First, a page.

“The town itself is dreary; not much is there except the cotton mill, the two-room houses where workers live, a few peach trees, a church with two colored windows, and a miserable main street only a hundred yards long. On Saturdays the tenants from the near-by farms come in for a day of talk and trade. Otherwise the town is lonesome, sad, and like a place that is far off and estranged from all the other places in the world.”
I’ve never been to the American Deep South, but often, reading The Ballad of the Sad Café, I felt not only like I was there, but as if I had lived there my whole life and knew it intimately. I could hear the locals murmuring together in their Southern twang; I could feel the sticky heat of the long summer days, and hear the chain-gang singing as they worked in the fields. I could also feel it, an atmosphere as rich and profound as it is stifling: the isolation, the poverty, the subdued desire, and the melancholy – all of which make this area, to the outsider at least, so enchanting and unnerving. (Of course, I’m speaking as someone whose knowledge of the Southern States of the USA was gleaned primarily from novels and films, and is therefore at best saturated with cliché, and at worst wildly inaccurate. If anyone who actually knows the place would like to set me straight on any of the above, please feel free…)
It would not be inaccurate to describe this novella as “Southern Gothic”, that sub-genre that explores the spiritual longings and loneliness of the South, usually with a variety of odd, poignant and grotesque characters. They don’t get much more grotesque than in The Ballad of the Sad Café. The highly unconventional protagonist, Miss Amelia, is a woman whose very appearance betrays her oddness. She is over six feet tall, and has muscles like a man. She stumps around in swamp boots and overalls. Fiercely independent, she runs a number of business interests in the small Georgia town that is her home, and devotes most of her free time to suing people. She also has an unconventional past: ten years ago, she shocked the townsfolk with a dramatic ten-day marriage to the local bad boy, Marvin Macy.
Now, with Macy long gone (to prison, in fact), Miss Amelia has returned to her proudly self-reliant lifestyle. Then, one day, a strutting little hunchback turns up in town, claiming to be her distant relative. This is Cousin Lymon, who in due course achieves the seemingly impossible by winning Miss Amelia’s affections. Together, they begin to run a small café, which in turn brings something of life and colour to the area. The town itself is in a sense not unlike an enchanted castle in a fairytale: it is asleep, isolated from the remainder of the world, a place of secrets and sorrow. The arrival of Cousin Lymon, and the opening of the café, are the equivalent of the kiss that wakes the place from its slumber. But nothing lasts forever, and one day Miss Amelia’s past begins to catch up with her, in the form of her ex-husband.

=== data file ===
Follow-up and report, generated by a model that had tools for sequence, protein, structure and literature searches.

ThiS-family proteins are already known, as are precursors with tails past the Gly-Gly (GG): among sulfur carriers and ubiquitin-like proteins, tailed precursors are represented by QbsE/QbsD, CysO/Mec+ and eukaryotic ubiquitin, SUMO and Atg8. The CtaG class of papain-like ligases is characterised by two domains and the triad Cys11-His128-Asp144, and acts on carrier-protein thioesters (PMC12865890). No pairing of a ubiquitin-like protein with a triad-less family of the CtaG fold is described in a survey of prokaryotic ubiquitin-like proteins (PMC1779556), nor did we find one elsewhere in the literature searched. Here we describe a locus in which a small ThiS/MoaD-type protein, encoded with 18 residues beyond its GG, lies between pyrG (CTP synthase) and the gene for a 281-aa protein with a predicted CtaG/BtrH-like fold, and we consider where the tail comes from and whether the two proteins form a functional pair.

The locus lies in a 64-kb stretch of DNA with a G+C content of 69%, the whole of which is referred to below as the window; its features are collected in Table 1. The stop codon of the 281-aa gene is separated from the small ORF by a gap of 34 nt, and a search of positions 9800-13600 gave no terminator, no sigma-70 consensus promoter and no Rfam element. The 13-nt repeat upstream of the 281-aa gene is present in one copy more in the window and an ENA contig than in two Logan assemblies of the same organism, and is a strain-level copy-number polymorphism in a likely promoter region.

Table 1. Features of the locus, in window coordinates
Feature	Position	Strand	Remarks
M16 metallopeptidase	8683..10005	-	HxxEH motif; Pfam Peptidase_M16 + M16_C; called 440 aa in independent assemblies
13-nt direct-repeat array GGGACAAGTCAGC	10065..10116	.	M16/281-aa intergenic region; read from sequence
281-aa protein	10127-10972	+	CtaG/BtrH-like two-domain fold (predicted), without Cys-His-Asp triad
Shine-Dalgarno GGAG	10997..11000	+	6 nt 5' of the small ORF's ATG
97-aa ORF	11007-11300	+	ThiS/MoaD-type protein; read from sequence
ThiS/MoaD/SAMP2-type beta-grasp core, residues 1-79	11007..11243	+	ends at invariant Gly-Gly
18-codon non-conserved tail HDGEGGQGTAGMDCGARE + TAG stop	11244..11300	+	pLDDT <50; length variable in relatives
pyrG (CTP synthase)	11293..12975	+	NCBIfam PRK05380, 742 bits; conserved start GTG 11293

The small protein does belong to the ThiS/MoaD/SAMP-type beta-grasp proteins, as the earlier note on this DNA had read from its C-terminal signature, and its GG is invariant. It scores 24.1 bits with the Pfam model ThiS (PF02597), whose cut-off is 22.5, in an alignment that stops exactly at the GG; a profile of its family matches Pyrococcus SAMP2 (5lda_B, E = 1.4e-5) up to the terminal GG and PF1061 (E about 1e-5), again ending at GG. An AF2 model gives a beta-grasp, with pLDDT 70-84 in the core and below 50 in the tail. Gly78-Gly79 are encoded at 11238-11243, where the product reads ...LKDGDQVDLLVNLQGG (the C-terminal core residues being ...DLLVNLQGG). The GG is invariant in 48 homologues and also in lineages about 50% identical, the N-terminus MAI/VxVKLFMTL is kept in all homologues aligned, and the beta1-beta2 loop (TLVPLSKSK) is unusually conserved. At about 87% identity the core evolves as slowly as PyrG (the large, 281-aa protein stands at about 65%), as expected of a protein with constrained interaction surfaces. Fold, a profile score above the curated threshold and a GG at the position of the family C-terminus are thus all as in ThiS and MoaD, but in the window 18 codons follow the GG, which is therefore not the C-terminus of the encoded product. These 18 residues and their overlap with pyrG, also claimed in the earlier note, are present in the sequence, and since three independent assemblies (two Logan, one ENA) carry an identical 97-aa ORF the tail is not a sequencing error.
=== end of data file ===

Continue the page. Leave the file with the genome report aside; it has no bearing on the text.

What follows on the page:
Ultimately, this is a book about love. McCullers, in her beautiful, fluid prose, explores the nature of love: its intricacies, its mystery, its betrayals. In every relationship, McCullers suggests, one partner is the lover, the other the beloved. “If equal affection cannot be, let the more loving one be me,” wrote Auden, and this sentiment finds a poignant echo in The Ballad of the Sad Café:
“It is for this reason that most of us would rather love than be loved. Almost everyone wants to be the lover. And the curt truth is that, in a deep secret way, the state of being loved is intolerable to many. The beloved fears and hates the lover, and with the best of reasons. For the lover is for ever trying to strip bare his beloved. The lover craves any possible relation with the beloved, even if this experience can cause him only pain.”
Love, McCullers suggests, is not simply, or even primarily, pleasure and passion. It is pain and torture: powerful, inscrutable, and with dim and dangerous depths that nobody can really sound. And just as you begin to get an idea where the love relationships explored in The Ballad of the Sad Café are leading, McCullers turns the tables and springs a surprise on the reader, in a way that makes lines like the above all the more haunting.
In addition to the novella, there are a number of short stories in the collection – The Wunderkind, The Sojourner, A Domestic Dilemma – all of which pack a punch, and perhaps owe much to McCullers’ own tortured life. Despite the success she enjoyed as a writer, her short existence was marred by ill heath and general lucklessness; it is unsurprising, then, that her writing should be saturated with such pain. I’ve only just discovered her writing, and I’m dismayed that it took me so long. This in turn leads me back to one of my great concerns. There are so many fine authors, living and dead, and so many wonderful books to explore: how will I ever find the time to read even a tenth, a fiftieth, a thousandth, of all that I should?